A “First Friday” is the first Friday of the month and is often marked by special devotion to the Sacred Heart of Jesus since Jesus died for us and won our salvation on a Friday. Every Friday of the year, and not only the Fridays in Lent, is a special day of penance as stipulated in the Code of Canon Law: “The penitential days and times in the universal Church are every Friday of the whole year and the season of Lent” (Canon 1250).
St. Margaret Mary Alacoque (1647-1690) reported visions of Jesus Christ directing her to promote devotion to the Sacred Heart of Jesus on nine consecutive First Fridays in reparation for sins and in order to show love to Jesus. In return for this act of devotion, which usually includes Mass, Communion, confession and even an hour of Eucharistic Adoration on the eve of the first Friday of the month, our blessed Savior reputedly promised St. Margaret Mary the following blessings:
“In the excess of the mercy of my Heart, I promise you that my all powerful love will grant to all those who will receive Communion on the First Fridays, for nine consecutive months, the grace of final repentance: they will not die in my displeasure, nor without receiving the sacraments; and my Heart will be their secure refuge in that last hour.”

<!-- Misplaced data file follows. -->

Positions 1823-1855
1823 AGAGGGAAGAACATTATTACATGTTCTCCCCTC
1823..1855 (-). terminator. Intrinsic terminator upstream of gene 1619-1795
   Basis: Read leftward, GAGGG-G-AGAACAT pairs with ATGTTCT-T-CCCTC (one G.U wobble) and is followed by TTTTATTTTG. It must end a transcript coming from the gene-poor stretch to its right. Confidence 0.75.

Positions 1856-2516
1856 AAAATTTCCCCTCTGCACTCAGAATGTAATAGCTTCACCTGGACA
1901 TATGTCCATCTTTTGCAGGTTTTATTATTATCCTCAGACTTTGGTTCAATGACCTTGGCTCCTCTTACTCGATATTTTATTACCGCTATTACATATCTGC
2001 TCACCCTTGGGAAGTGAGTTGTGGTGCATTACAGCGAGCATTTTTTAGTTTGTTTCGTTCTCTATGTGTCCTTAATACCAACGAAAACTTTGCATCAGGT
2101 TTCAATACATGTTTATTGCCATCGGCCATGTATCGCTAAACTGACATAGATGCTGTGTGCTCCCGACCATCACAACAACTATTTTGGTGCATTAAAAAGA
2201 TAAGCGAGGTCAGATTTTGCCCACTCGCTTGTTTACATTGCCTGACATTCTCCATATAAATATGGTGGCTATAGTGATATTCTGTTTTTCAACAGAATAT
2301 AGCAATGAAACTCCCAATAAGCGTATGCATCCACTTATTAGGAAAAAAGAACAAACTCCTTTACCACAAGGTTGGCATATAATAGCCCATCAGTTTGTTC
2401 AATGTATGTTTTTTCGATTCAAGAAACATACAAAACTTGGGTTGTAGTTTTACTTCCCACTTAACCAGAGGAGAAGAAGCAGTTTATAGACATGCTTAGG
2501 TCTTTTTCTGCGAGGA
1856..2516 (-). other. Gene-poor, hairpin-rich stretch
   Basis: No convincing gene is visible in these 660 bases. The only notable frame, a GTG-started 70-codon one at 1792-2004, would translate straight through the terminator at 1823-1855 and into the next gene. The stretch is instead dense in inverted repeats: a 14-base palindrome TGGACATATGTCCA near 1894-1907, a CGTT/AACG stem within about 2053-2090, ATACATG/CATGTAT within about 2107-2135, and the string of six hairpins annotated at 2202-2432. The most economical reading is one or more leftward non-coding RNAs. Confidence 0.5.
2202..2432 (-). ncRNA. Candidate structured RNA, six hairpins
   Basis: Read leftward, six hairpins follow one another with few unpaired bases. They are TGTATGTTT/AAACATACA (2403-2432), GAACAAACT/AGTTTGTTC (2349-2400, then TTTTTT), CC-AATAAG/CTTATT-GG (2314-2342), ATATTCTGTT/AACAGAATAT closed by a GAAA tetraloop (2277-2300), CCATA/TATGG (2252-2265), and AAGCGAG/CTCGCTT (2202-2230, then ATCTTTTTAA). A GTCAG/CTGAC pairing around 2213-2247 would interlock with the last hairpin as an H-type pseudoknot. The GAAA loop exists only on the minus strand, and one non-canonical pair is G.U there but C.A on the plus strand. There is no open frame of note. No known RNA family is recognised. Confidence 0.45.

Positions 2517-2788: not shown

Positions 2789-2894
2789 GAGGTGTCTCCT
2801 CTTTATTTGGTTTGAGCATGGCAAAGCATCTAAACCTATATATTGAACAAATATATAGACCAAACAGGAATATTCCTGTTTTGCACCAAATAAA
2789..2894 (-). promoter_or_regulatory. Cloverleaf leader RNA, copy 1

The devotion is officially sanctioned, but it was not so at first. In fact, St. Margaret Mary met with resistance and incredulity from the start in her own religious community, and not until 75 years after her death was the First Friday devotion to the Sacred Heart officially recognized. Almost 240 years after her death, Pope Pius XI stated that Jesus had appeared to St. Margaret Mary in his encyclical Miserentissimus Redemptor (1928), fully eight years after she was formally canonized a saint by Pope Benedict XV.
“Monday Morning Short Answers to Big Questions” by Rev. Francis J. Hoffman.